Flax Seed & Flax Seed Oil (Linum usitatissimum)
This is the seed of the flax plant, which is believed to have originated in Egypt. It was cultivated in Babylon as early as 3000 BC. In the 8th century, King Charlemagne believed so strongly in the health benefits of flax seed that he passed laws requiring his subjects to consume it. Flax seed oil comes from cold pressed flax seeds. The most common folk or traditional use is as a laxative; it is also used for hot flashes and breast pain.
Flax seed oil has different folk or traditional uses, including arthritis. Both the seed and seed oil have been used for high cholesterol levels and in an effort to prevent cancer. Whole or crushed flax seed can be mixed with water or juice and taken by mouth. The oil is available in liquid and capsule forms. The seed contains lignans (phytoestrogens, or plant estrogens), while flax seed oil preparations lack lignans.
Benefits of Consuming Flax
Flax seed contains soluble fiber, like that found in oat bran, and may have a laxative effect. Omega-3 essential fatty acids, “good” fats that have been shown to have heart-healthy effects. Each tablespoon contains about 1.8 grams of plant omega-3s.
Lignans, which have both plant estrogen and antioxidant qualities. Flax contains 75 to 800 times more lignans than other plant foods.
Several studies have suggested that diets rich in flax seed omega-3s help prevent hardening of the arteries and keep plaque from being deposited in the arteries partly by keeping white blood cells from sticking to the blood vessels’ inner linings. Lignans in it have been shown to reduce atherosclerotic plaque buildup by up to 75%.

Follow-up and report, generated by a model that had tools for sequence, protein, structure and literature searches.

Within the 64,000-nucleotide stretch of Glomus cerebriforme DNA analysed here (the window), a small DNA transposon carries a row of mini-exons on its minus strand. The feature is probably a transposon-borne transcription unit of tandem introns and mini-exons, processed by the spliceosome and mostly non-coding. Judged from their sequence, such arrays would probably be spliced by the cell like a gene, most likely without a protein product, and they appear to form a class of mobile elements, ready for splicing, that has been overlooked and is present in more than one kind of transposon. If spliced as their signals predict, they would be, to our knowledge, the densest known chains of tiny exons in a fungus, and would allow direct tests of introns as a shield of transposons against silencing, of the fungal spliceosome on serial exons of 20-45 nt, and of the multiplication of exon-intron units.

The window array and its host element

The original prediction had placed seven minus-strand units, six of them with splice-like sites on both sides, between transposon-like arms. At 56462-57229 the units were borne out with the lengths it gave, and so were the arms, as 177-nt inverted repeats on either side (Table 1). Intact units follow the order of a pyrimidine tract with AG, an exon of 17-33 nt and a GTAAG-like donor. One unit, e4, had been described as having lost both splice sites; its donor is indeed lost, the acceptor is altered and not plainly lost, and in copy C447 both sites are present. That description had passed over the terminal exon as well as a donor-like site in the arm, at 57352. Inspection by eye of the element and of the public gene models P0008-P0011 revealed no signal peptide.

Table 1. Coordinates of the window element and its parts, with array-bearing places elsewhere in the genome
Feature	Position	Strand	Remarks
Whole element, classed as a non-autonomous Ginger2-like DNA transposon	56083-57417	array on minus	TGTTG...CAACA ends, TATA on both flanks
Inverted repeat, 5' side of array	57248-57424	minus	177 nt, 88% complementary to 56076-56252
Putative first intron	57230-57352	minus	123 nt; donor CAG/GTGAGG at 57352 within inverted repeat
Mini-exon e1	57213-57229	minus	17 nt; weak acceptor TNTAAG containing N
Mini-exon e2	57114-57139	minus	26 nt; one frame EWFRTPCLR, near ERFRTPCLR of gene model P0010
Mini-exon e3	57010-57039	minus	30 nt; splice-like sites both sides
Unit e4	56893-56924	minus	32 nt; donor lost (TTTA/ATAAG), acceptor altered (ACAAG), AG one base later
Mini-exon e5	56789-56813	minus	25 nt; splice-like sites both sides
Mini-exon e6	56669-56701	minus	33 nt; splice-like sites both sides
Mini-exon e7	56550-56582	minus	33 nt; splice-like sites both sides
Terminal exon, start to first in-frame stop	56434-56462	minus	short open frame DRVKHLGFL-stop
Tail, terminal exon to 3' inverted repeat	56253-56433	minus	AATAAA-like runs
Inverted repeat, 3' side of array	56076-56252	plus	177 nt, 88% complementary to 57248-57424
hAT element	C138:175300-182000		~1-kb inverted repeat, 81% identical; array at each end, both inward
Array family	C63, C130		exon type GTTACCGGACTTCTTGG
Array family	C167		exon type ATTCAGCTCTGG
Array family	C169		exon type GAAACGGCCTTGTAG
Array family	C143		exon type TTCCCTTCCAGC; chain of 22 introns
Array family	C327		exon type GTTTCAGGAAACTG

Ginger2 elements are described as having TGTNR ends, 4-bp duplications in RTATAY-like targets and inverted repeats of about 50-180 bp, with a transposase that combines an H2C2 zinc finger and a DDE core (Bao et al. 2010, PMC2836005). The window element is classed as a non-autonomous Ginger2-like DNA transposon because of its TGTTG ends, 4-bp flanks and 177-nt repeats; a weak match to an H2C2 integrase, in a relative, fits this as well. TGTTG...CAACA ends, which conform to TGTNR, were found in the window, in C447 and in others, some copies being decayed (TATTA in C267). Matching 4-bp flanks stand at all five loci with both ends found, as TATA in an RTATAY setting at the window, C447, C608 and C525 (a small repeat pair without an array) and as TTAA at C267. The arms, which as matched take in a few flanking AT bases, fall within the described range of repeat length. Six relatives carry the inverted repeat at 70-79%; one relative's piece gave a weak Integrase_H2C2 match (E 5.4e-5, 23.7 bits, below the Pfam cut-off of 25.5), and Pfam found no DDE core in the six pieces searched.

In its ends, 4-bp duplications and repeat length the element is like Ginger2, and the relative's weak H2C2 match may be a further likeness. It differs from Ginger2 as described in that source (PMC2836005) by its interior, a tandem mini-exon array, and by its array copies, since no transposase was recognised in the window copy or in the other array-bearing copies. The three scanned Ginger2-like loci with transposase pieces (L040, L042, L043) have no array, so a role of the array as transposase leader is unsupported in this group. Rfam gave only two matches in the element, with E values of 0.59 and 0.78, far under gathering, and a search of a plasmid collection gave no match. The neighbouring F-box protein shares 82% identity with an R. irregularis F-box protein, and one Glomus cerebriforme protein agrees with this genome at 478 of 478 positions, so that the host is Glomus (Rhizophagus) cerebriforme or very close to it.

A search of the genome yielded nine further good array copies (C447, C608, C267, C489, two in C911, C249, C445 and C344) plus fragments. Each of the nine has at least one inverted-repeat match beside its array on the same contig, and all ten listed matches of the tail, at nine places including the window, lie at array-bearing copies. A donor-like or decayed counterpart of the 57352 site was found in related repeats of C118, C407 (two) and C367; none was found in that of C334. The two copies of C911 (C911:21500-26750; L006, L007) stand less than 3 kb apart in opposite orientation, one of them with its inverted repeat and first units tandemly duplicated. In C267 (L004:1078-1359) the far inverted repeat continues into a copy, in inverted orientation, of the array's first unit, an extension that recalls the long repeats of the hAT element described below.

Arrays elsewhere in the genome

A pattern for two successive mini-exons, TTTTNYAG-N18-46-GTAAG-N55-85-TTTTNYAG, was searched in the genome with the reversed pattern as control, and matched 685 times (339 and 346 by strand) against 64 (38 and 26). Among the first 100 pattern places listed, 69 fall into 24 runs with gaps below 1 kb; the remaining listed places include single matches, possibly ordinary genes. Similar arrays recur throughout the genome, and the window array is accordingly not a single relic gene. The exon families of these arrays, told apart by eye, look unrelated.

Because plant omega-3s may also play a role in maintaining the heart’s natural rhythm, they may be useful in treating arrhythmia (irregular heartbeat) and heart failure. More research is needed on this.
Eating these daily may also help your cholesterol levels. The level of LDL or “bad” cholesterol in the bloodstream has been linked to an increased risk of heart disease, obesity, diabetes, and metabolic syndrome. A study of menopausal women showed a decrease in LDL level after the women ate 4 tablespoons each day for a year. Fitzpatrick says the cholesterol-lowering effects of it are the result of the combined benefits of the omega-3 ALA, fiber, and lignans.
Preliminary research also suggests that daily intake of the lignans in may modestly improve blood sugar (as measured by hemoglobin A1c blood tests in adults with type 2 diabetes).
Some studies suggest that alpha-linolenic acid may benefit people with heart disease
Flax seed, like any supplemental fiber source, should be taken with plenty of water; otherwise, it could worsen constipation or, in rare cases, even cause intestinal blockage.
The fiber may lower the body’s ability to absorb medications that are taken by mouth. It should not be taken at the same time as any conventional oral medications or other dietary supplements.